Books.Pile of book on desk.When I make time to read, however, I am able to set aside the events of the day and the many distractions from people and electronics and something amazing starts to happen. Ideas and thoughts seem to flow in a torrent! I hope you’re able to spark your learning in a similar fashion. Find the time. It reduces stress and allows you to chew on the problems of the day in a new and productive way. And as a CEO or business leader, you don’t have to read all business books to find inspiration. This year, the trend (Fortune & LA Times for example) is for CEOs to read non business books to inspire new ideas.

So whether you’re committing to regular reading or simply looking for something to do on that family camping trip or week at the beach, this August I have a few page turners to consider.

  1. Choose Yourself by James Altucher: James is an avid writer, blogger and many time entrepreneur. Choose Yourself defines today’s workplace realities and offers real world ideas on how to take control of your work and how you will forever define how you earn an income. Thought provoking!
  2. In the Kingdom of Ice: The Grand and Terrible Polar Voyage of the USS Jeannette, by Hampton Sides: This one grips you! A few weeks ago, I spent a week ignoring friends and family on the beach in Block Island and read this one. It’s a true story researched for years by Hampton, Outside Magazine and others. This is the greatest historical story you don’t know! Great lessons in leadership, sacrifice, and survival. Imagine trying to get to the North Pole in a wooden ship with no means of communication with the outside world!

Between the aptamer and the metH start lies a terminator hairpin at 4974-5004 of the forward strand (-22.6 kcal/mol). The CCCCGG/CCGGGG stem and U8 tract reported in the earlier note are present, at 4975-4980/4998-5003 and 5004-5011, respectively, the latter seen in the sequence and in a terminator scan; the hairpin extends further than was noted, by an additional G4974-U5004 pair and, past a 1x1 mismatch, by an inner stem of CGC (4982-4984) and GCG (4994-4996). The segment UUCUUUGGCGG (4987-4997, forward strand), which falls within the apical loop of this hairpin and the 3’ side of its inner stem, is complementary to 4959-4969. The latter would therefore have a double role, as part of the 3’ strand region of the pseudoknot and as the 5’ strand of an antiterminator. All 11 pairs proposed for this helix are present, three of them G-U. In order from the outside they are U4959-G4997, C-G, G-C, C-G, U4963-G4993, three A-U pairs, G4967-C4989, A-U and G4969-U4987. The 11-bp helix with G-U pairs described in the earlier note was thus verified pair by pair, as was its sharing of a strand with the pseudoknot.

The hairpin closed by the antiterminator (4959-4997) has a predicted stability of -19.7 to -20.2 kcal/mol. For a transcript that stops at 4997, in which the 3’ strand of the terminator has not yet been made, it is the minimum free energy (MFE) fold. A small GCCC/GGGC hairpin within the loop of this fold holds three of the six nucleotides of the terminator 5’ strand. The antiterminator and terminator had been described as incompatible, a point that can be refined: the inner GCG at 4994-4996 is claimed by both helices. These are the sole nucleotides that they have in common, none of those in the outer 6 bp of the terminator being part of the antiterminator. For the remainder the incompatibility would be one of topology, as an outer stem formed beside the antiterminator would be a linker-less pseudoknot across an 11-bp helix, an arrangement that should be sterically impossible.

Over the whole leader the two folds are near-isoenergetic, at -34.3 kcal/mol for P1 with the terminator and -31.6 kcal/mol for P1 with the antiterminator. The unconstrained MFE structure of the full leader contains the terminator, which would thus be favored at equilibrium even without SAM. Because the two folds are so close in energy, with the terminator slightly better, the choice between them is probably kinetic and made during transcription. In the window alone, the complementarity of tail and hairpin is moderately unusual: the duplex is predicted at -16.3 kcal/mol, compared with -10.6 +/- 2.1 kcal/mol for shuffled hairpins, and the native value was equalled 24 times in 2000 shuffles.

3. Delivering Happiness A Path to Profits, Passion, and Purpose by Tony Hsieh, CEO In a business world where few have any real meaningful, sustainable business advantage, Delivering Happiness chronicles the dramatic rise of Zappos and how their culture drives everything and defines their success. And it is an entertaining read to boot! Not every success is immediate and over night. Success takes time, risk and perseverance.

I am always scanning for the next must read, I hear the Uncontainable, The Story of the Container Store by Kip Tindell is a must read… Next on the list? What books are on your list? Share away!

How to Retain Millennials

July 30th, 2015

Everyone seems to be curious about Millennials.Millennial-Workforce They are, after all taking over the workforce – in the next ten years they will comprise 75% of the global workforce (The Deloitte Millennial Survey). So, employers should take time to get to know millennials and what makes them tick.